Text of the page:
Royal couple denies lying about mafia boss affair
20 April 2004
AMSTERDAM — Planning to marry on Saturday without the Dutch Parliament’s approval, Prince Johan Friso and his fiancee, Mabel Wisse Smit, have denied they lied about Mabel’s former relationship with drugs baron Klaas Bruinsma.
But the royal couple admitted they should have immediately revealed the full details of the contact Mabel had with Bruinsma. Instead, Prince Friso had advised Mabel to only tell “the important facts” to the Dutch government.
In a televised interview with royal journalists Maartje van Weegen and Paul Witteman on public broadcaster NOS on Monday night, Mabel denied again that she had a love affair with Bruinsma, who was shot and killed in Amsterdam in 1991.
Mabel dismissed claims by a former Bruinsma bodyguard, Charlie da Silva, that she had been the drugs baron’s lover — claims which rapidly led to a media barrage discrediting the couple last year — and said they were “unbelievable nonsense”.
“I thought no one is going to believe this,” she said.
Mabel told Friso in 2000 about her contact with Bruinsma, claiming that it was a friendship that lasted just several months. Friso said the friendship was formed 15 years ago when Mabel was a young girl, naïve and that the relationship had never been extraordinary.
Mabel had been open to him about the matter and he did not think any problems would arise. He did not consider it necessary to immediately tell his mother, Queen Beatrix — who later had difficulty with the scandal, but had given enormous support, news agency ANP reported.
Despite the fact that the third-in-line Prince Friso will renounce his rights to the Dutch throne by marrying Mabel, the couple denied that a shadow had been thrown over their marriage — scheduled for this coming Saturday in Delft.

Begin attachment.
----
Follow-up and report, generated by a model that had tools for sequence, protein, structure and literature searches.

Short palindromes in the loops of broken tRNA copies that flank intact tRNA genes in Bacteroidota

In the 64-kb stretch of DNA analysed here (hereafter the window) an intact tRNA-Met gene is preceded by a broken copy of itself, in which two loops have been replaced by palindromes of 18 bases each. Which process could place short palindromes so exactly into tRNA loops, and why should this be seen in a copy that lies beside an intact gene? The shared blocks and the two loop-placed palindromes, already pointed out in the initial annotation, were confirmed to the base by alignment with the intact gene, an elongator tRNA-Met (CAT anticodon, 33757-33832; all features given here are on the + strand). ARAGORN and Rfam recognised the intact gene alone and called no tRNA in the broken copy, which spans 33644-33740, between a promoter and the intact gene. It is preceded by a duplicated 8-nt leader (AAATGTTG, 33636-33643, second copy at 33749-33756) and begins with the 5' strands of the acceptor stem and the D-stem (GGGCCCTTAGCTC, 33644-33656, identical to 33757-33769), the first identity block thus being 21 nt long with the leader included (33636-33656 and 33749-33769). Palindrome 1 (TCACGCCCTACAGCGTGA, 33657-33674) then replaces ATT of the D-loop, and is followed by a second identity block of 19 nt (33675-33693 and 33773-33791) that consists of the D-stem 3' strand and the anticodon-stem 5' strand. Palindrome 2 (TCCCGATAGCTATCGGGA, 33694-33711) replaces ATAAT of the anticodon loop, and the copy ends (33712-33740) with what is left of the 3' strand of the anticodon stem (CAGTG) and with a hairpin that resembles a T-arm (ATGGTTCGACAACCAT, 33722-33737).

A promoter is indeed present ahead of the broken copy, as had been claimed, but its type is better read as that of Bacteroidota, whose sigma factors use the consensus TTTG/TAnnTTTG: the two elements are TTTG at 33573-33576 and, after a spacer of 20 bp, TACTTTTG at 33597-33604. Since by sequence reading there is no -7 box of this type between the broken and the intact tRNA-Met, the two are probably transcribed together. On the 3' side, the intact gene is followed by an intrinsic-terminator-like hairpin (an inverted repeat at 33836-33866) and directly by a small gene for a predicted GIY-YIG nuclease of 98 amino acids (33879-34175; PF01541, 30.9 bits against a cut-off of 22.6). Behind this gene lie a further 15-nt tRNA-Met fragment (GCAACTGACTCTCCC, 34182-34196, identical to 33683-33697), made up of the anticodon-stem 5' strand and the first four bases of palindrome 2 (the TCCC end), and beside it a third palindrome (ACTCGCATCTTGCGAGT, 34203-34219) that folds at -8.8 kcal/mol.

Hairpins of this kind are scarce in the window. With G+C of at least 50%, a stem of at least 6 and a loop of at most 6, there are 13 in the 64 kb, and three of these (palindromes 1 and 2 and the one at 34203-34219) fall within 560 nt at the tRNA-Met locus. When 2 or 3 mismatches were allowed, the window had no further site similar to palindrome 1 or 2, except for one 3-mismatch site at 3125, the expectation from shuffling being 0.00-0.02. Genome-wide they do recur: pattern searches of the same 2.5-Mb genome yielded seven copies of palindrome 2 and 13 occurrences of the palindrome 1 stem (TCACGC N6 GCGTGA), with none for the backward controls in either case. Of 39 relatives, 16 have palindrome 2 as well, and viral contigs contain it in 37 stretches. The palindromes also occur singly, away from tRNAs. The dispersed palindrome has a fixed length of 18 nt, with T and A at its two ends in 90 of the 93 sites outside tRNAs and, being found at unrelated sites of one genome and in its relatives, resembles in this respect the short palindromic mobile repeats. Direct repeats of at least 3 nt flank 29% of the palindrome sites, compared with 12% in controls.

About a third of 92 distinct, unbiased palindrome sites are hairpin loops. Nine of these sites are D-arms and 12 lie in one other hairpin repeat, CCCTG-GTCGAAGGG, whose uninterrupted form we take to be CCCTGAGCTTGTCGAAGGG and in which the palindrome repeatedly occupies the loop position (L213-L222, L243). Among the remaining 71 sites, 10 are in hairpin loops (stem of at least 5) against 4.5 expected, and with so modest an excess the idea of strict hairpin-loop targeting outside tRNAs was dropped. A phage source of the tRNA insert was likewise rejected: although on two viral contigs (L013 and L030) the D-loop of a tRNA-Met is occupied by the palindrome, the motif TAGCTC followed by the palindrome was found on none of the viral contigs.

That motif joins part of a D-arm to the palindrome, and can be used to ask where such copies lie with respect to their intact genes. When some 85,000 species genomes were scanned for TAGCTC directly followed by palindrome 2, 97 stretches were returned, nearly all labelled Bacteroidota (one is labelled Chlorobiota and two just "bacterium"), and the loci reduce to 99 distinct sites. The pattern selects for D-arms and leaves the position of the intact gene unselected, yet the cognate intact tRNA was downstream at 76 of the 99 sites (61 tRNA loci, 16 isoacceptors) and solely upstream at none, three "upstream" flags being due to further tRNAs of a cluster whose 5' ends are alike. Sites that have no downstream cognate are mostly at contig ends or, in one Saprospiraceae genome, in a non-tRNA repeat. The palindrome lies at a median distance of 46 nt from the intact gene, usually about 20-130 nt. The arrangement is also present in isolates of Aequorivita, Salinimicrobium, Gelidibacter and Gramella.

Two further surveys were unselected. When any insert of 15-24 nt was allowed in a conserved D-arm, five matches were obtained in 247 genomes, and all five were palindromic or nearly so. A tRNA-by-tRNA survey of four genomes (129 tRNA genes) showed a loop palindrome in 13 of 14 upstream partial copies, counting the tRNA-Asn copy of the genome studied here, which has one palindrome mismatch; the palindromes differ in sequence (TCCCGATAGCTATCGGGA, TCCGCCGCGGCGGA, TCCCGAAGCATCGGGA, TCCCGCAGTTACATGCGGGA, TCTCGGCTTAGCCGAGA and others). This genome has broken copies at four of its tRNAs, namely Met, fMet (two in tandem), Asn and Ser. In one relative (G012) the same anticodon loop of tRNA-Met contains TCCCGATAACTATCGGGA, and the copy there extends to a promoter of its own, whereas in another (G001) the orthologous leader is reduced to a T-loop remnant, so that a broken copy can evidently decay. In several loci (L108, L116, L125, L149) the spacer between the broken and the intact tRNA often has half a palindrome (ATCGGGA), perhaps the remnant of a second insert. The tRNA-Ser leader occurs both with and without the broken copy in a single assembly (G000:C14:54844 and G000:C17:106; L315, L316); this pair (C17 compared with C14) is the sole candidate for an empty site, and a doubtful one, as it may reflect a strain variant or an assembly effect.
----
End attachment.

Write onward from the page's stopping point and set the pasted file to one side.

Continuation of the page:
After Mabel admitted to Prime Minister Jan Peter Balkenende in October 2003 she had withheld the full extent of her relationship with Bruinsma, the prime minister decided against requesting Parliament’s approval of the marriage. Such permission is necessary for Prince Friso to retain his rights of succession.
The Prince admitted on Monday he had grown up with the thought that he would always be in line for the throne, but had to swallow the fact that this was no longer the case, newspaper De Telegraaf reported.
And Mabel said the only shadow that was hanging over their wedding was the absence of three fathers. She was referring to Prince Friso’s father, the deceased Prince Claus, and to her deceased father and step-father.
Friso suggsted the Royal House had roots so deeply embedded in Dutch society that the controversy surrounding his marriage to Mabel had not inflicted permanent damage on the royal institute.
He accused the media of “plainly scandalous” behaviour in its reporting of the affair, claiming that the simplest of facts were not checked and that the various media organisations discussed the matter with each other.
For her part, Mabel remembers the time as being extremely painful for her family. “Everyone was suddenly a Mabel expert. It was a hurricane the came over me from which it was difficult to keep a foothold,” she said.
Dealing with other matters, Prince Friso said it was an awkward moment when the Government Information Service (RVD) publicly stated several years ago that he was not homosexual. He said the decision to issue the statement was taken after the serious press began giving credence to rumours alleging that he was gay.
Friso also took the interview as an opportunity to set straight other misunderstandings and denied he shirked from the annual Queen’s Day celebrations. Instead, the prince said he looked forward to the event.
Mabel was quizzed by Witteman over her preference for powerful men. She answered by saying she was in love with Friso and that it was incidental that he was a prince.
[Copyright Expatica News 2004]
Subject: Dutch news + Prince Johan Friso and Mabel